msg command should already come with Windows. (At least it's here on XP.)
The general syntax is:
msg [/server <server>] <session> [<message>]
/server <server> is optional. Use it when you want to send the message to another computer. (This means almost always.)
<session> can be:
username of a logged in user; examples:
"session name" of a connected session:
console means the one that's currently using the monitor and keyboard. RDP sessions are named
numeric session ID; works for disconnected sessions too
* to send to all sessions on the computer. (This is equivalent to sending a message to a computer in
qwinsta /server <server> to list all currently existing sessions. (Or download "Windows 2003 Admin Tools" and use its
Note that unlike with NetBIOS-based
NET SEND, you can't send a message to an entire workgroup.
<message> is the text you want to send. If you don't specify any, then msg will wait for one to be typed in, until you enter CtrlZ on a line by itself.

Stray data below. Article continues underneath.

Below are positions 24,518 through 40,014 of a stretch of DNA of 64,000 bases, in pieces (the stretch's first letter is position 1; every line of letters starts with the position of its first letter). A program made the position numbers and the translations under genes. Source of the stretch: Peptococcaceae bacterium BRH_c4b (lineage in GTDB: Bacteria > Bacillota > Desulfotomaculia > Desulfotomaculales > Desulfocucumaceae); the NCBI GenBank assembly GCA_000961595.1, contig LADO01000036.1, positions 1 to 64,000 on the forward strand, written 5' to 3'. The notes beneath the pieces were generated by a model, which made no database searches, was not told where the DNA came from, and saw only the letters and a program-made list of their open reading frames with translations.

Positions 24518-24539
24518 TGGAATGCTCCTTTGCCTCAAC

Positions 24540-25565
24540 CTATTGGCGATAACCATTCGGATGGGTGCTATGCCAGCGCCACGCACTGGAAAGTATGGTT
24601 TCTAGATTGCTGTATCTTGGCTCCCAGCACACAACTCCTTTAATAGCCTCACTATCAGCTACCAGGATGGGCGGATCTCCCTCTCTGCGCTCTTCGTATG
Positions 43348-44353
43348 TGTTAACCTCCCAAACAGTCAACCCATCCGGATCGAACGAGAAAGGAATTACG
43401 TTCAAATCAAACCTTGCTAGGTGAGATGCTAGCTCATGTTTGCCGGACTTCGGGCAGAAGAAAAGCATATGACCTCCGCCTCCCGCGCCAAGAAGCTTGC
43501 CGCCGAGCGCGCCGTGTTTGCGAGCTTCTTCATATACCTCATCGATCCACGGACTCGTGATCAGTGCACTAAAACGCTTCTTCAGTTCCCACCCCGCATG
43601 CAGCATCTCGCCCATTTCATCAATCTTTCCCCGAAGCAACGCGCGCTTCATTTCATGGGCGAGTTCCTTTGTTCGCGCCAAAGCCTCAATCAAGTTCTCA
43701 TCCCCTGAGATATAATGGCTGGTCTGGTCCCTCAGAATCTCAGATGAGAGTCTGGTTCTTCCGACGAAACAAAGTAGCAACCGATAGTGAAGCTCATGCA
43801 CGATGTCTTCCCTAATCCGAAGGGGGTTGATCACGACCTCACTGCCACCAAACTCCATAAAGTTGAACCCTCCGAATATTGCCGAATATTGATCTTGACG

msg /server snow console Hi there!
All these tools (msg, qwinsta, quser, qprocess, tskill, tscon, shadow) use Terminal Services RPC. On consumer versions of Windows, this RPC can only be accessed from the local machine and not over the network. To re-enable it, follow these instructions.
TL;DR summary: Run the following from an elevated Command Prompt.
reg add "HKLM\SYSTEM\CurrentControlSet\Control\Terminal Server" /v AllowRemoteRPC /t REG_DWORD /d 1 /f
RPC is carried over the same protocol as File Sharing. If msg or qwinsta return an "Access denied" even after allowing remote RPC (see above), make sure you can access the other computer's files, authenticated (not as Guest).